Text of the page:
Dr. Vandana Shiva, an activist for peace, sustainability and social justice had a message for small fair organizations fighting against giants – “We need to promote skilled entrepreneurship without migration.” Her words were backed by decades of experience and she shared snippets of the work she’s been a part of in various parts of the world. Vandana said that while coffee producers incomes dropped from 9 billion dollars to 5 billion, the profits on coffee jumped from 40% to 70%. Trade by ‘MNC dinosaurs’ is designed to transfer wealth not where it is produced, but where it is stolen, she said. She also educated the crowd about National Apprenticeship Promotion Scheme and said that Fairness should take into account ecological sustainability, what is happening to the soil and climate.”
Other prominent keynote speakers included Nicolette Naumann, VP of Ambiente and Tendence at Messe Frankfurt and Geoff White, CEO of Trade Aid Importers Ltd, New Zealand and Vice President of WFTO, who said ” Fair Trade doesn’t connect with consumers well enough. We can’t be a passive retailers anymore. We need to be an active organisation.” True words, I realized, when I thought about how many fair trade organizations I was even aware of. Negligible!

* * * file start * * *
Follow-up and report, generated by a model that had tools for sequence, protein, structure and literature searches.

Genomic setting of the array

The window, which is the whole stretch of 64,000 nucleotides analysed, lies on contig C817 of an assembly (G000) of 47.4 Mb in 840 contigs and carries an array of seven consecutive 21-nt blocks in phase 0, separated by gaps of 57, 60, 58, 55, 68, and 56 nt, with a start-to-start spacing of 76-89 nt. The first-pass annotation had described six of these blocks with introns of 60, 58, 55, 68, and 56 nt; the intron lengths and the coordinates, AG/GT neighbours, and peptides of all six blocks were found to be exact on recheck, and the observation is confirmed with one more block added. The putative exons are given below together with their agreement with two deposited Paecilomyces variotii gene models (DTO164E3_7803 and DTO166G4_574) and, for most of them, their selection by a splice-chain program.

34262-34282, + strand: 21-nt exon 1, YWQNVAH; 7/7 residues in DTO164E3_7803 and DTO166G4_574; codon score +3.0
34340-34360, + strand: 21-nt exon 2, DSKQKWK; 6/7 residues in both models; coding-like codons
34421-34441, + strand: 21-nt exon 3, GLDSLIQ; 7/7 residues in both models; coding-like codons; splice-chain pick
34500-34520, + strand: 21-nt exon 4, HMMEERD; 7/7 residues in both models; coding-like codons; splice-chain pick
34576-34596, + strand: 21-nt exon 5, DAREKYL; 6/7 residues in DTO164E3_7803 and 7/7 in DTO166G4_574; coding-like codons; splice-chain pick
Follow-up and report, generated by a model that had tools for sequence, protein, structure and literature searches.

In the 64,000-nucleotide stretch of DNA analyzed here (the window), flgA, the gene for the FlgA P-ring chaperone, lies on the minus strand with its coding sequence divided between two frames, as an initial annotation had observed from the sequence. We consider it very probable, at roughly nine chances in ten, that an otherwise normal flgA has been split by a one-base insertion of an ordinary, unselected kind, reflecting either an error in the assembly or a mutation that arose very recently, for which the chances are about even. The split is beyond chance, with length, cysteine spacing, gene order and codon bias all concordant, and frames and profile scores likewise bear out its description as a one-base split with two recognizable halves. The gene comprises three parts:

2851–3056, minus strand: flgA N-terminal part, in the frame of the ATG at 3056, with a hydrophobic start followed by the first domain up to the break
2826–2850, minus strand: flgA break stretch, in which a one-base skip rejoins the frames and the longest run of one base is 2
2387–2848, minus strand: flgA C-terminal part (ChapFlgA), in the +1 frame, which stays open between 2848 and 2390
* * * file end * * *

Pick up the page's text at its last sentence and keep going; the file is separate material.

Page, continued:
Workshops filled the rest of the day, again, held by notable dignitaries to educate and share experience in various countries and organizations. Gender policy, Go coop, Fair Trade Towns, Ethical design and trend forecasting, inclusion of refugees in fair trade, steps to attract new customers, using social media to reach new markets – these were one of many, many topics discussed. While I’d have loved to attend all of them (nerd alert!), there were 5 held at the same time in various conference rooms and I was darting from one room to the other to be a part of them all.
The breakfast, lunch and dinner buffets and coffee breaks provided ample time for networking, but still didn’t seem like enough! And of course, like every organization meeting, new members were elected to the board, changes in the constitution were made, and it felt pretty great to be a silent observer in the gathering, watching it all unfold. Over time, just like in a new college, faces became familiar and everyone started talking to each other much more freely.
The Fair Trade Week 2017 had activities outside the confines of the conference room, too, like I mentioned – the Fair Utsav at DLF Saket and Fair Trade Fashion Show at NIFT Delhi. But I’ll leave that for another blog post.
Catch you on the other side!